So far, 10 companies have filed protests because they were not included in the pool of 123 OASIS contracts that went to small businesses.
The protest season is officially open for GSA’s OASIS contract. Ten companies so far have filed protests because they were not included in the pool of 123 contracts that went to small businesses.
OASIS is GSA’s 10-year, $60 billion contract for high-end professional services. So far GSA has only awarded contracts for the small-business portion of the contract.
Awards to large businesses are expected by the end of the month or very early in April.
It’s no surprise that protests have been filed. They are a familiar part of the landscape these days, particularly with these large, governmentwide task order contracts.
The ten protestors so far are:
- North Star Group LLC: Filed Feb. 28. Decision due June 9.
- ADNET Systems Inc.: Filed Feb. 28. Decision due June 9.
- Futron Inc.: Filed March 4. Decision due June 12.
- OST Inc.: Filed March 4. Decision due June 12.
- Planned Systems International: Filed March 5. Decision due June 13.
- Gauss Management Research & Engineering Inc.: Filed March 5. Decision due June 13.
- Enterprise Information Systems: Filed March 6. Decision due June 16.
- Technical Professional Services: Filed March 6. Decision due June 16.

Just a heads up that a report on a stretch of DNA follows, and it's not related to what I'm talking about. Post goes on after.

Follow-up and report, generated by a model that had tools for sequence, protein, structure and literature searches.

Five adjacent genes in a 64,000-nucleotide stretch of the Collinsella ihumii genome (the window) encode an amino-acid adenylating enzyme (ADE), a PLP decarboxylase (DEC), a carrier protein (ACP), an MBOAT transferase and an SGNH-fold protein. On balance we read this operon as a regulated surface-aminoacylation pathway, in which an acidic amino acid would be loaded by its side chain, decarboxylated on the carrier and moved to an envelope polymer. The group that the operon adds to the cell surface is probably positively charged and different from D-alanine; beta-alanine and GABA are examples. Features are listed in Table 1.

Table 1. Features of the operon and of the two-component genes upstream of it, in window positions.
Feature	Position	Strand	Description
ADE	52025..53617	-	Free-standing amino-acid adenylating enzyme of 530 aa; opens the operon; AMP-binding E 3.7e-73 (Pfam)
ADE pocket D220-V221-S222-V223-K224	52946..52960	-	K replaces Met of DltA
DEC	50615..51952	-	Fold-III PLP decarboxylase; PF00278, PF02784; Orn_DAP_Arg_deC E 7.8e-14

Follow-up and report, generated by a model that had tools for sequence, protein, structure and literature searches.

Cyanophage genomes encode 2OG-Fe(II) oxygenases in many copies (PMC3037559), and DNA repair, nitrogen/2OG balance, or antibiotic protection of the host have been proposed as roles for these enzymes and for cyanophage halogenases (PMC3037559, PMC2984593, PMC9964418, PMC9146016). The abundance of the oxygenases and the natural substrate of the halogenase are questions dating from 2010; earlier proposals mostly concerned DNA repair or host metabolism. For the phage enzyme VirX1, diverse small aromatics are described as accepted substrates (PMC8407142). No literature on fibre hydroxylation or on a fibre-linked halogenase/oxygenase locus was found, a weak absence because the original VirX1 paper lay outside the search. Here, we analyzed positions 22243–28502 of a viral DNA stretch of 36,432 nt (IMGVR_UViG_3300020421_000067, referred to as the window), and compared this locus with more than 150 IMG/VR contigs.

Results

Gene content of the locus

- Innovim LLC: Filed March 6. Decision due June 16.
- Unified Business Technologies: Filed March 6. Decision due June 16.
- Integral Consulting Services: Filed March 6. Decision due June 16.
Generally, these kinds of protests include an automatic stay, which would stop GSA from proceeding with task orders under the contract.
What happens from here will depend on GSA. The agency can decide to fight the protests, which means the soonest the resolution can come is June after GAO makes its decision. But a June resolution in this case would mean that GAO ruled in favor of GSA.
GSA also has the choice to withdraw its awards and re-evaluate the bids, which would also add several months to the contract getting off the ground. And unless the re-evaluation results in awards to all bidders, GSA would still be open to protests.
If GAO rules against GSA, the delays could be even longer, depending on what GAO wants GSA to do.
So, the best-case scenario is that the protests are resolved by June, and the worst case is that it’ll be late summer or the fall before everything is resolved.
We’ll know more in about 30 days, which is the deadline for GSA to file its response. If GSA decides to pull back awards and re-evaluate bids, GAO will dismiss the protests.
"GSA is confident that the OASIS [small business] award protests filed with GAO and GSA will be dismissed or resolved in a timely fashion," a spokeswoman said in a statement. "And that the agency will be able to issue notices to proceed for the pools affected by protests as soon as is possible."
We should also expect protests of the large business awards once they come out.
The merry-go-round just keeps on turning.